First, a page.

Master Bath Vanity
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An Updated Cabinet for my Master Bath

I am still in home improvement mode. I guess as a furniture maker, I am actually always in home improvement mode since furniture improves the home (hopefully). But this next project is not furniture making. Rather, it is time for more cabinet work with an update for our master bath vanity.

So, here’s the goals with this project:

  • Update the door and drawer style.
  • Fix the enlarged space at the toe-kick.

The toe-kick issue is the result of our remodeling contractor raising the height of the vanity. He offered to do this to make our vanity more in line with the current trend of taller vanities, an idea we liked. He raised the vanity moving it upward about 2-1/2″. A good thing, but there is now an odd, enlarged space at the toe-kick. I began to think about what could be done to extend the cabinet downward toward the floor returning the toe-kick area to a normal size. As I saw it, I have two options: extend the face frame downward by attaching some molding to the lower face frame. Or, extend the face frame by attaching a flat board and extending the new overlay doors downward as well.

To explore this toe-kick issue, I went to a few of my go-to home inspiration websites. This means scanning the websites of Robert A.M. Stern Architects (examples here with my favorite one here). Another favorite architect is Peter Pennoyer (see his work here). One more: Kligerman Architecture & Design (here). In addition to the toe-kick issue, I also wanted to see if I could make the new doors and drawers more noteworthy. I fired up SketchUp and went to work…

The Toe-Kick

During my research, I found this interesting photo…

A handsome base.

This is exactly what I was wanting to do: add a tasteful, enhanced base. A very good start to my research. The example above has the typical cut out for feet when you need to get up close to the mirror and the large base steps back in a pleasing way. This base design is really the base board design for the whole room which is interesting. Could I somehow modify this idea for my vanity? My first SketchUp model looked like this…

My take on the handsome base.

I like this design. It isn’t too strong and feels at home with the rest of the cabinet. But, I also thought something more simple would be also good. Ultimately my wife and I did not choose this design. I discovered our vanity toe-kick area is significantly larger on the left side than the right side. The vanity is level, but the floor slopes making this design more difficult to implement. Plus, adding this base would mean cutting away the existing base board making room for the new base, something I did not want to do.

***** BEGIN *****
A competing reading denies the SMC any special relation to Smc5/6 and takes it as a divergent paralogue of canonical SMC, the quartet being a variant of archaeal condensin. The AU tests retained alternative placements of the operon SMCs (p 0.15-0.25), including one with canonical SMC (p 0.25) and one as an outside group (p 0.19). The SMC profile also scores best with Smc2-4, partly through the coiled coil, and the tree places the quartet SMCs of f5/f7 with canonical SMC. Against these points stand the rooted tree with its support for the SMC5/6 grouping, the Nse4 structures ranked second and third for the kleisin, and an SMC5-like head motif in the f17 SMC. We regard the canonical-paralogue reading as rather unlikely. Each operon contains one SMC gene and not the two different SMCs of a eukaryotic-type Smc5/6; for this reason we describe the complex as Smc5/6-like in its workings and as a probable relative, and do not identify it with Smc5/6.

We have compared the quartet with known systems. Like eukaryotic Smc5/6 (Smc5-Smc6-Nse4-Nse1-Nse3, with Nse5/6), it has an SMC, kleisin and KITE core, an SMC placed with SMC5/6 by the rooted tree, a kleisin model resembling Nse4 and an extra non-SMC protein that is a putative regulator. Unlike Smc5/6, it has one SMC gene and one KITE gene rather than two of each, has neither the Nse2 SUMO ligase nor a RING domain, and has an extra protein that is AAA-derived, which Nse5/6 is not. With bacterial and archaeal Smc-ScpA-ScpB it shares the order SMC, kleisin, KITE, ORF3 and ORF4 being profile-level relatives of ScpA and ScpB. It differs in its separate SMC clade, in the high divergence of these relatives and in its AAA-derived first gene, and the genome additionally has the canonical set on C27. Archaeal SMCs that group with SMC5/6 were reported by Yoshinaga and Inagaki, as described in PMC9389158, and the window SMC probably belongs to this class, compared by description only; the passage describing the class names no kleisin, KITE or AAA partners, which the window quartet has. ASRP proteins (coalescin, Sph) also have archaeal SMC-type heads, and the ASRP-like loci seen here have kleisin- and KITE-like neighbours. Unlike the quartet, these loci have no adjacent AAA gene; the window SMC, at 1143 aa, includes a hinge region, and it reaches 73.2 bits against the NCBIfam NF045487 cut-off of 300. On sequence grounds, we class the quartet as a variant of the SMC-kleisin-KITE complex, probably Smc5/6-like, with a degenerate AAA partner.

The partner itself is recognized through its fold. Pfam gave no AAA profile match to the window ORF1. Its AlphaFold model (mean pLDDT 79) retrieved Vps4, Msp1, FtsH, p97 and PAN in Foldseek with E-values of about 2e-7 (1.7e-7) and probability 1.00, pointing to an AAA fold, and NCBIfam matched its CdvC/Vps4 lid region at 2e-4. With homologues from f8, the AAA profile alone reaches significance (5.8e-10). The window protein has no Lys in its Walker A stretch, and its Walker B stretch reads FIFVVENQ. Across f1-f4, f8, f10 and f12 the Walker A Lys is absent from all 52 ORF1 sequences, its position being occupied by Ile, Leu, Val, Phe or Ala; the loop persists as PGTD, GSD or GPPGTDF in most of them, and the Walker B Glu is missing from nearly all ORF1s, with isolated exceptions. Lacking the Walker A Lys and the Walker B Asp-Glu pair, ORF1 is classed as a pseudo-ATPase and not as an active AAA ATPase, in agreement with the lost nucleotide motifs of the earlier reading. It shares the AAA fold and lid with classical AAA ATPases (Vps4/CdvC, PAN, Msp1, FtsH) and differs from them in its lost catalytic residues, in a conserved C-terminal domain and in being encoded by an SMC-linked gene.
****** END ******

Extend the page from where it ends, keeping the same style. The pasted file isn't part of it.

From this design I made a decision to simply add a piece of wood to the bottom of the existing face frame which would extend the vanity downward (see the first SketchUp image below). I would then build new overlay doors which would extend downward the same distance. The doors would overlay the face frame by 1/2″ on three sides, but would overlay the face frame about 2″ at the bottom. In the end, a more simple design won out.

Door Designs

With the plan for the toe-kick situation taken care of, I wanted to focus next on the door design. I could build simple doors, or possibly something which is more distinctive. Some photos of things that caught my eye…

Notice the diamond profile on the lower doors.
Note the circle in the door panel, lower right.
Note the box design in the island door.
A diamond profile in the cabinet door.

From these images, I came up with some design ideas…

One panel per door with a big diamond.

In the design above, the blue face frame rail is being added to the bottom of the existing face frame rail (yellow). The overlay doors extend downward. Each door is one panel with a large diamond. I did not like this look.

Two panels per door with slender diamonds.

This design was fair. To me it looks a little busy. I think something more simple would be better.

Two panels per door with a v-groove and a small diamond.

In this design, the diamond is small and I’ve added a vertical v-groove centered on each door panel. It’s more simple than the larger diamond designs above. I thought this design was good.

Two panels per door with just a v-groove along the center of each panel.

Even more simple, this design removes the diamond design and relies on just a vertical v-groove for visual interest.

Six doors, one panel each, modern pulls.

I also thought of six doors instead of three. Visual interest would come simply from the symmetrical arrangement of more doors. This idea got shot down due to the additional time needed to make twice as many doors.

Three doors, two panels each.

In the end, the design which won out (seen above) is the most simple in look. Visual interest is gained by using two panels per door. I have always favored rectangular shapes vs. square shapes. To me, rectangles look better. So here, each door contains two upright rectangular panels. I added a less noticeable design idea by making the rails and stiles of each door just a little wider than the kitchen cabinet door design. Sometimes, just adding bulk is a good idea, especially since there will be no bead for the panels.

It was good to do all the research for these design possibilities. Even though some of these design elements would work, I kept returning to the idea of simple is better.

The first step will be to fix the toe-kick area and then I’ll begin work on the doors. I’ll need to make two drawers and one false drawer front. I’m thinking about hand cut dovetails for the drawers. Which will be a first. An update is coming ASAP.


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